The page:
States face a wide range of issues -- and tight deadlines -- when crafting new welfare programs.
A team of NewsHour correspondents reports on the impact new welfare law in Wisconsin, New York and California on the day it went into effect.
Three members of Congress discuss the politics between the new welfare reform bill passed this year.
Two state legislators and two national Welfare experts debate the merits of the Wisconsin Works, or W-2, welfare reform program, often held up as a model for national welfare reform.
Browse the Online NewsHour's welfare coverage.
In the spring of 1996, welfare reform was a "battleground." GOP presidential candidate Bob Dole hoped to score political points against President Clinton by critizing him for being unable to fulfill his promise to "end welfare as we know it." Conversely, Congressional Democrats tried to use the failure to pass a welfare reform bill against Republicans, hoping the negative publicity would help Democrats regain control of Congress in 1997.
All that rhetoric ended however, on August 22, 1996, when President Clinton signed into law a welfare reform bill . HR3734 ended 60 years of federal welfare entitlement programs and required states to create their own welfare programs. The state programs will be funded by $16.4 billion in annual federal block grants through 2002.
"Today we have an historic opportunity to make welfare what it was meant to be -- a second chance, not a way of life," President Clinton said on the day he announced he would sign the welfare reform bill. "And even though the bill has serious flaws that are unrelated to welfare reform, I believe we have a duty to seize the opportunity it gives us to end welfare as we know it."
How the states will reform welfare is not clear. Pitched political battles are sure to occur in the nation's state houses over the new plans that will replace Aid to Families with Dependent Children (AFDC) and other welfare programs. Currently 12.8 million people, including 8 million children, receive AFDC cash benefits.
Some states, such as Wisconsin and Michigan, have already launched experimental welfare reform programs after receiving federal waivers, but a fair portion of the states are just beginning to draft their own welfare programs, due to the federal government by July 1, 1997.
States will have a wide latitude when drafting the plans, but they must all:
The states, however, can exempt 20 percent of their welfare recipients from the federal time limits and work requirements.
- Limit welfare benefits to five years;
- Require welfare recipients to work, either in the private sector or in community service jobs, within two years of receiving benefits;
- Restrict benefits to legal immigrants.
States can use the block grants to provide job training, child care, health insurance and other programs to recipients that, reform sponsors say, will reduce "welfare dependency" and help move people off welfare rolls and into the work force.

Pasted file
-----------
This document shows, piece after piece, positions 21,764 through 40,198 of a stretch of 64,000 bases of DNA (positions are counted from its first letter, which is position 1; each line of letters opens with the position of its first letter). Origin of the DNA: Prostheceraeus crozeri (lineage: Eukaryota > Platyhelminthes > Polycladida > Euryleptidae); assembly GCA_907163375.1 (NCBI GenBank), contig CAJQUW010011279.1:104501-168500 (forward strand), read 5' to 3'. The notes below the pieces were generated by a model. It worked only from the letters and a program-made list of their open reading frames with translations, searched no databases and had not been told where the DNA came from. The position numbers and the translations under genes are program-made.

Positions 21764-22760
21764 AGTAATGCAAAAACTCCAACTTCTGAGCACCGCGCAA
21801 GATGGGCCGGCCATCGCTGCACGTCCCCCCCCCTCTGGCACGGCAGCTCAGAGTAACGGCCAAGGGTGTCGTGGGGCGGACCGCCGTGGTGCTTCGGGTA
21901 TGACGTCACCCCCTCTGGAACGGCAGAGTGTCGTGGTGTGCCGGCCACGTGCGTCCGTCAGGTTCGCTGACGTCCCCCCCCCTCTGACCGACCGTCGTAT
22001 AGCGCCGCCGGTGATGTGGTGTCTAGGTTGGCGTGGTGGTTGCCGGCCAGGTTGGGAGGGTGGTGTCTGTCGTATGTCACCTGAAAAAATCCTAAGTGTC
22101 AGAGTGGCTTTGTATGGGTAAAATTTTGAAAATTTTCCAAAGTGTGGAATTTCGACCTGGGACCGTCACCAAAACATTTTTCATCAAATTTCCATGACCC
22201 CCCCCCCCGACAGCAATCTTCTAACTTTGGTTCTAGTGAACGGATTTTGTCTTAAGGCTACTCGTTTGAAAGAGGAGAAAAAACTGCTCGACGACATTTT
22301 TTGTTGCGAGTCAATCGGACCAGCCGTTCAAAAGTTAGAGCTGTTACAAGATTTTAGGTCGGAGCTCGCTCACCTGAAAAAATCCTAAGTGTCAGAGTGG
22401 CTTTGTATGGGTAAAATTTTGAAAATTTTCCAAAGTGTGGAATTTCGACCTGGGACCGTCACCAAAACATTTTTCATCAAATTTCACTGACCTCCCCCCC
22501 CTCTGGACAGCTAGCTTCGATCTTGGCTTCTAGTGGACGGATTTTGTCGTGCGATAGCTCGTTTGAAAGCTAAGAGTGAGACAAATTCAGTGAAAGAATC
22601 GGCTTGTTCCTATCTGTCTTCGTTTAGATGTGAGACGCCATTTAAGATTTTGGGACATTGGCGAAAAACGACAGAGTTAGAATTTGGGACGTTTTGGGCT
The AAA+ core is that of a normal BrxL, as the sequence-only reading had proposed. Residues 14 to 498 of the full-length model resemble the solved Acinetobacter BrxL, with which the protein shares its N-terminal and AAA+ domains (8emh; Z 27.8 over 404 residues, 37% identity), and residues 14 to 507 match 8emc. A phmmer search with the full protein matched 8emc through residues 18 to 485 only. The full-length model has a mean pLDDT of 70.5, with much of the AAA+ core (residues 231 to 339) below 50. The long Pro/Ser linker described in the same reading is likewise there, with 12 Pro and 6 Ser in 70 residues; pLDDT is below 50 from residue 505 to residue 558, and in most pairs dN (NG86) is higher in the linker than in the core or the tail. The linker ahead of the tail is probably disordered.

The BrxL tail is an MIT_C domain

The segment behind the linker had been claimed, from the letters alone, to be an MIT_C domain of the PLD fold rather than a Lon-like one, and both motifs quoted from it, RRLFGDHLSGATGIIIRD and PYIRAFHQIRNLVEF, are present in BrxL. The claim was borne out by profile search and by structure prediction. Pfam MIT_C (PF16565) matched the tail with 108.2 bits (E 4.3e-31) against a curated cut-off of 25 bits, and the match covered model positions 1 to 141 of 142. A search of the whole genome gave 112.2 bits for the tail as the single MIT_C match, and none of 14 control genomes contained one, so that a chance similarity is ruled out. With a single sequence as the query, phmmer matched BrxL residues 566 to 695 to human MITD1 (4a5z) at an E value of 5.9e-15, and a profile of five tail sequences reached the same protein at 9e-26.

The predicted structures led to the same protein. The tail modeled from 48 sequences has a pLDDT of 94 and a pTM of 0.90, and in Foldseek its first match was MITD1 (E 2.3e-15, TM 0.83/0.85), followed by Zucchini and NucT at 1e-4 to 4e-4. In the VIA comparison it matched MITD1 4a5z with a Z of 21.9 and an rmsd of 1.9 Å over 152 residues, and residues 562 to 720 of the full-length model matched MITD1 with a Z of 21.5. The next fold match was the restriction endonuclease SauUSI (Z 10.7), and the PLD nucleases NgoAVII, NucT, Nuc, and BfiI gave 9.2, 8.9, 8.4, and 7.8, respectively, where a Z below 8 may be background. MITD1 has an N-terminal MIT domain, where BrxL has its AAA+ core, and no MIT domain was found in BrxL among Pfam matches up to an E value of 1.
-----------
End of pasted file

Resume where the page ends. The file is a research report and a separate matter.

But state legislatures may find innovation expensive, especially since the federal government will spend $55 million less on welfare reform over six years. Most of the savings will be come from a $24 million reduction in federal food stamps for 25 million people, and the elimination of benefits to legal immigrants, measures Clinton and liberal congressional Democrats strongly criticized. Critics also wondered if enough jobs will be available to meet the new work requirements.
Clinton faced strong criticism by liberal congressional Democrats -- including Sen. Patrick Moynihan, widely viewed as Congress' welfare expert. Moynihan said Clinton's signature was a cynical political act that endangered poor children.
"I think I have to agree ... that it is an election year and nobody in the House and Senate wanted to appear to be voting against welfare reform," Rep. Charles Rangel (D-N.Y.) said on the July 31 edition of the NewsHour. "But as the President once said, putting wings on a pig doesn't mean that you have an eagle. And so the question really is: are the children protected?"
Republicans also painted Clinton's signature as politically motivated, even though they suggested the law was widely-supported as part of the GOP's agenda.
"[T]he president realizes that the present welfare system is broke. It's a failure. It's failed taxpayers big time, and it's failed a lot of the people it's trying to help. And I think the president realized it's time to get on the bandwagon," Sen. Don Nickles (R-Okla.) said on the July 31th NewsHour.
But as Sen. John Breaux (D-La.) said on that same program: "... I think the American people (wanted) Congress and (wanted) this Administration to pass welfare reform. This is not a perfect bill, but I think you see the Congress working in a positive fashion to get something done. I think it's good politics, and I think it can be good policy, ultimately."
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